If you’re one of the 25 million Americans who suffer from asthma, the allergens of spring can make it difficult to breathe.
Asthma is a chronic condition in which the airways of the lungs become inflamed and narrow, often due to one or more triggers in the environment. Up to 80 percent of children and half of adults with asthma experience attacks when they come in contact with specific allergens.
During the spring, tree pollens, mold spores, and grass all have the power to inflame and narrow the air passages of people who are sensitive to these natural triggers. Wheezing, shortness of breath, chest tightness, and coughing are some of the common symptoms that occur during an asthma attack.
Among the most common triggers for asthma are:
“It’s important to recognize what your triggers are,” says Jeffrey Raub, MD, an allergist and immunologist with TriHealth. “Then you can create a plan of action with your health provider. I’ve lived with asthma for 36 years, so I know how important it is to develop habits that will help you breathe better and make physical activities more enjoyable.”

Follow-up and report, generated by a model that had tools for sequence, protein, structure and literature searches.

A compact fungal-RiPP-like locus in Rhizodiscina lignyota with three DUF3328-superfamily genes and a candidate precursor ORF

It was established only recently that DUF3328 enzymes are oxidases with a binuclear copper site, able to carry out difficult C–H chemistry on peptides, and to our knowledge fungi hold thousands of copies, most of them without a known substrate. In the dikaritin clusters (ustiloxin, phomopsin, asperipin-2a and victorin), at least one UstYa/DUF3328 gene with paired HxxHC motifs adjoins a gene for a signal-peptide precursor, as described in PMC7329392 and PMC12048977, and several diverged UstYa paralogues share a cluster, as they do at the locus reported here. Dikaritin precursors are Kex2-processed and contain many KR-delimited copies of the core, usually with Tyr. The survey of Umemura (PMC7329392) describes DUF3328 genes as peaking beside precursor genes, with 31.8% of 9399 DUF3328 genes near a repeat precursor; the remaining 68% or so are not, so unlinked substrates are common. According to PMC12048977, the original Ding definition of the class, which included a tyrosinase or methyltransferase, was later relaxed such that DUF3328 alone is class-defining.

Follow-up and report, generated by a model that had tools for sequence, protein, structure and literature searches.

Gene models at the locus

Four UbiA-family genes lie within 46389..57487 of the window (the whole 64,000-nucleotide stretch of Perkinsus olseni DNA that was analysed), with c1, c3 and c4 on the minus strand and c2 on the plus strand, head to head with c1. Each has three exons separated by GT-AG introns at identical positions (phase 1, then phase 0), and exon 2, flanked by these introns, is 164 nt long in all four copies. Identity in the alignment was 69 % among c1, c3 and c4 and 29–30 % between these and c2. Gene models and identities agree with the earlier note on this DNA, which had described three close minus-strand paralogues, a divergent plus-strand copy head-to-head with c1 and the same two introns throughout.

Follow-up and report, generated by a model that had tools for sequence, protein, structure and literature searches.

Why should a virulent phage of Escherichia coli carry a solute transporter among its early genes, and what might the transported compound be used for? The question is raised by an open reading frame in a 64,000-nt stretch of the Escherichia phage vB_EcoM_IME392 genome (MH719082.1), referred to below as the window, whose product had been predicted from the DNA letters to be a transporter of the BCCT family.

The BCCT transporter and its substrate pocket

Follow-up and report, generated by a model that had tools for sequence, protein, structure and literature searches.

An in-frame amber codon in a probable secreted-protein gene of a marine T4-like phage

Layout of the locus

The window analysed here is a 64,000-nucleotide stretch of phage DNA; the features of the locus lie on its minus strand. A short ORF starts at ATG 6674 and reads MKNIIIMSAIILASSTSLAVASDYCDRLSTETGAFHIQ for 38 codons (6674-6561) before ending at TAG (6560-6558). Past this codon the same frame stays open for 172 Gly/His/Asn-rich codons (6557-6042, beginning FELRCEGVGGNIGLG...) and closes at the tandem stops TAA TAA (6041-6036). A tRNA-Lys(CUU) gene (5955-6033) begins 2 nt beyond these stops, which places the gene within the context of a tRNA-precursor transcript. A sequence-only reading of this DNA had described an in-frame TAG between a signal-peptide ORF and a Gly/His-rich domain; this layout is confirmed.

Here are some tips he offers for managing asthma in the spring or anytime:
1. Take a preventive stance. If you’re especially sensitive to springtime allergens, use air conditioning in the house and car to limit your exposure. If you’ve been outdoors, wash your hair and clothes when you get home to get rid of those allergens. Clear your nasal passages with a Netipot or other nasal irrigation method. Indoors, try to clear your house of allergens that trigger you.
2. Ask your doctor about effective medicines. If you know you have allergies, over-the-counter antihistamines and nasal sprays will help minimize your allergic reaction. “Start your allergy medicines a week or two before allergens are due to come out,” counsels Dr. Raub. He also recommends prescription medicines like Singulair—with your doctor’s consent—to prevent both asthma and allergy attacks.
3. Be familiar with your inhaler. For those times when you can’t breathe, knowing where your inhaler is, how much medicine it contains and how to use it properly can greatly relieve your breathing distress. “Using your inhaler properly is really important for getting the medicine into your lungs,” Dr. Raub says. “If you’re not sure how to use it, ask your doctor or pharmacist.”
4. Know when to seek medical attention. If you’re using two to three puffs of inhaler medicine every 10 to 15 minutes and are still struggling to breathe, seek immediate medical attention. “Despite all the medicines we have available, 3,000 people die each year from asthma. Don’t wait to get help,” Dr. Raub says. For additional information on asthma and its treatment, Dr. Raub recommends the American College of Allergy, Asthma, and Immunology, acaai.org, and the American Academy of Allergy, Asthma, and Immunology, aaaai.org.